The Glory of Israel

ALTHOUGH HIS PEOPLE were so frequently disobedient and unfaithful, God was supremely patient with them. As the prophet Isaiah reminded them: “I have stretched out My hands all day long to a rebellious people, who walk in a way that is not good, according to their own thoughts” (Isaiah 65:2). Some suggest that because of Israel’s unfaithfulness, which culminated in them rejecting and killing God’s own Son, He has disowned the nation of Israel. This is not what the Bible says. For example this is what the angel Gabriel told Mary:

“Do not be afraid, Mary, for you have found favour with God. And behold, you will conceive in your womb and bring forth a Son, and shall call his name Jesus. He will be great, and will be called the Son of the Highest; and the Lord God will give him the throne of his father David. And he will reign over the house of Jacob forever, and of his kingdom there will be no end” (Luke 1:30–33).

Son of David

God had made a promise to the Jewish king David about a descendant who would sit on his throne (2 Samuel 7 and 1 Chronicles 17). Jesus was that descendant. He will sit on David’s throne in Jerusalem, and rule over the ‘house of Jacob’ (a term which refers to the nation of Israel). Mary’s song of praise shows that she understood what this meant: “He has helped His servant Israel, in remembrance of His mercy, as He spoke to our fathers, to Abraham and to his seed forever” (Luke 1:54–55).

Mary’s cousin Elizabeth also had a miraculous baby, announced by Gabriel (Luke 1:5–25). These are the words of Elizabeth’s husband Zacharias when their son John was born:

Now his father Zacharias was filled with the Holy Spirit, and prophesied, saying: “Blessed is the Lord God of Israel, for He has visited and redeemed His people, and has raised up a horn of salvation for us in the house of His servant David, as He spoke by the mouth of His holy prophets, who have been since the world began, that we should be saved from our enemies and from the hand of all who hate us, to perform the mercy promised to our fathers and to remember His holy covenant, the oath which He swore to our father Abraham” (Luke 1:67–73).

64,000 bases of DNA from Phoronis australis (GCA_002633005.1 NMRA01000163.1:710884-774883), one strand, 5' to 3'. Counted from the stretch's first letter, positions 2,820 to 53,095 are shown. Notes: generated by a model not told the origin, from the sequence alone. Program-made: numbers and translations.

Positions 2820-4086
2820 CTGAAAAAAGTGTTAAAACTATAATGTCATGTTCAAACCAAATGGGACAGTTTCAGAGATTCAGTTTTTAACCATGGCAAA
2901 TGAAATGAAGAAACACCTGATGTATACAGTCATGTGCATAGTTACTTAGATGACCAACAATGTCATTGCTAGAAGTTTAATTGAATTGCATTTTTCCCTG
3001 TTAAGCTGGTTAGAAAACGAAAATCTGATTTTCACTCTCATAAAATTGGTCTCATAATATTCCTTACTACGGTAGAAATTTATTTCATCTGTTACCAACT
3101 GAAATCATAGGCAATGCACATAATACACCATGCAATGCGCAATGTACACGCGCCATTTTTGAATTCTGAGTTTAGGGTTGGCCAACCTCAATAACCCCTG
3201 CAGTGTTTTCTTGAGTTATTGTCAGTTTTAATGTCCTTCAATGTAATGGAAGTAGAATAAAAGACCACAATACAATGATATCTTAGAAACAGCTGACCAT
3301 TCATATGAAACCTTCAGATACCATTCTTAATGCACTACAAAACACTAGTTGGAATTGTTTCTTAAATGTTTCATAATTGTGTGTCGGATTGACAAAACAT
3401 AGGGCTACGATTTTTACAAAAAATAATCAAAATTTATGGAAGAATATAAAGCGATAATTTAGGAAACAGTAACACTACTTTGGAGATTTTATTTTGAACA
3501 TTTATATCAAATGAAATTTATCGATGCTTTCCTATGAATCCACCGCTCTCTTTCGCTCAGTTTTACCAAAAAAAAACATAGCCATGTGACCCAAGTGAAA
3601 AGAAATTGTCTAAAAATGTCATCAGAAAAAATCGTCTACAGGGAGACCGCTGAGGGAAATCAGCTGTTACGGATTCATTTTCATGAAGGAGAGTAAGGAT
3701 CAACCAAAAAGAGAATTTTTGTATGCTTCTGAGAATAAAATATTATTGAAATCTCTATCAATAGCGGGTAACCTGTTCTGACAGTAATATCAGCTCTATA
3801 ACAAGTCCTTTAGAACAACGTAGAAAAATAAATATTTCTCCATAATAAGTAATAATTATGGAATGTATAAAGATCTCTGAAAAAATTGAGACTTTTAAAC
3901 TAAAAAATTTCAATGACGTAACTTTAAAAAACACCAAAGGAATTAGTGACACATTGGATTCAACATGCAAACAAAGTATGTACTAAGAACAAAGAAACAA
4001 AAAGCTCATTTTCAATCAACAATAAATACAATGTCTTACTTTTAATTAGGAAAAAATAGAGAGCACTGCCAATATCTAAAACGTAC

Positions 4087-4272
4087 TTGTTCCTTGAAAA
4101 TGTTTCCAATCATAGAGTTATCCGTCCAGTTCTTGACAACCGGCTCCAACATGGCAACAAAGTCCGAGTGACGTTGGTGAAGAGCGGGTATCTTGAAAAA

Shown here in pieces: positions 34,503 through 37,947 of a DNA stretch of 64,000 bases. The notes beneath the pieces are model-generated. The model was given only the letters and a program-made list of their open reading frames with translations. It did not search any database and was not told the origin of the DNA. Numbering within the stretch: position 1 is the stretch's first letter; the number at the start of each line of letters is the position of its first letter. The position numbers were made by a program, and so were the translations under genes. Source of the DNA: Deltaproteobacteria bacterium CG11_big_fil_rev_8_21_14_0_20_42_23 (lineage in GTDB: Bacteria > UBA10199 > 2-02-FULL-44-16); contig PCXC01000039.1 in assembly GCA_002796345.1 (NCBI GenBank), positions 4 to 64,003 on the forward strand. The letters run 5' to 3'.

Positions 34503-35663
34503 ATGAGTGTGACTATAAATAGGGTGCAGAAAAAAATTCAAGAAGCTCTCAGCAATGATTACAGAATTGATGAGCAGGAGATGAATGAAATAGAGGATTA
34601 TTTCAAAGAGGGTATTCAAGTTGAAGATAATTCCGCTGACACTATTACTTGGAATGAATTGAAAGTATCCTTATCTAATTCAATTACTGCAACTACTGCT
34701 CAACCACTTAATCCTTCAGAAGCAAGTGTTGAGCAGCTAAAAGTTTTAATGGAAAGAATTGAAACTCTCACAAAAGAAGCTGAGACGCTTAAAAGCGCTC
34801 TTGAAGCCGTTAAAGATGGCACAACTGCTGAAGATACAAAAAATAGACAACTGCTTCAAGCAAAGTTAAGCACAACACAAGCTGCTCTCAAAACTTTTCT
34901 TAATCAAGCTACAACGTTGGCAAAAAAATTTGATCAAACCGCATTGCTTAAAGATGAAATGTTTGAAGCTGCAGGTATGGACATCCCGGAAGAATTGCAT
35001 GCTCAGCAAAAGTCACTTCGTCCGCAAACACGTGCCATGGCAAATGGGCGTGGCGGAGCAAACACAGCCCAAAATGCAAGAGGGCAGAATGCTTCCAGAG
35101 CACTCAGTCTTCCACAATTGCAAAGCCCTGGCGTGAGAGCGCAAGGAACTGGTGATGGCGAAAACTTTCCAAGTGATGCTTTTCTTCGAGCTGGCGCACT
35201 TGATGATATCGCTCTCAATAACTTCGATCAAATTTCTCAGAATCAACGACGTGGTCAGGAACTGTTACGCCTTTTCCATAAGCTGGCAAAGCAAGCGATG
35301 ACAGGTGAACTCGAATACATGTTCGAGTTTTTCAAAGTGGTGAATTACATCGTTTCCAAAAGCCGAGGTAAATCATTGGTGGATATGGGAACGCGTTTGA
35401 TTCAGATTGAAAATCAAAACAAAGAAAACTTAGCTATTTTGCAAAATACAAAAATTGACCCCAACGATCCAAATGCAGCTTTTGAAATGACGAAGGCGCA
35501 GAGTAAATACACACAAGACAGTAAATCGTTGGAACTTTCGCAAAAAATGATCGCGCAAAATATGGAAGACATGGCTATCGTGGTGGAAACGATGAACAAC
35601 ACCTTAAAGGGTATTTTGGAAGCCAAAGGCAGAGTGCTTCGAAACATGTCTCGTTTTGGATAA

These words of God which Zacharias spoke affirm the continuity of God’s purpose. The promises made to David and to Abraham would be fulfilled in the Son of God—Jesus the son of Mary, whose forerunner was John.

Preaching to the Jews

John prepared the way for Jesus by preaching repentance to the Jews. He taught them powerfully that merely being descendants of Abraham was not going to earn them God’s favour: “Therefore bear fruits worthy of repentance, and do not begin to say to yourselves, ‘We have Abraham as our father.’ For I say to you that God is able to raise up children to Abraham from these stones” (Luke 3:8).

Jesus followed, preaching his message of salvation to the “lost sheep of the house of Israel” (Matthew 10:6, 15:24). But when the Jews rejected the message, Jesus’ followers turned to the Gentiles (non-Jews) as well (Acts 13:46).

Sadly so many of the children of Abraham were disobedient and did not accept Jesus as the Christ. As such, the ‘wrath of God abode on them’ (John 3:36). As a nation, this sorrowful situation will continue until the appearance of Jesus from heaven.

The Repentance of Israel

The prophet Zechariah looks forward to the return of Christ. He describes a future attack on Jerusalem which will bring the Israeli nation to its knees, and then the intervention of Christ himself. This appearance will bring about a repentance on the part of many Jews, who will at last return to God (Zechariah 12:9–10).

Clearly God’s purpose is still bound up with the Jews. He made promises to their faithful fathers Abraham, Isaac and Jacob and the Jews are ‘beloved for the sake of the fathers’ (Romans 11:28). In Romans chapter 11 the Apostle Paul explains that God has not cast away the Jews (v. 1). Rather, when they stumbled through their faithlessness the way was opened for Gentiles to become part of God’s family: “I say then, have they stumbled that they should fall? Certainly not! But through their fall, to provoke them to jealousy, salvation has come to the Gentiles. Now if their fall is riches for the world, and their failure riches for the Gentiles, how much more their fullness!” (vs. 11–12).

The Kingdom of God will be centred on Israel but will bring blessing to the whole world (Isaiah 2:1–4). There will be eternal life for Christ’s faithful followers, both Jews and Gentiles (John 6:54). Jesus Christ will at last be the glory of Israel (Luke 2:32).

Stephen Blake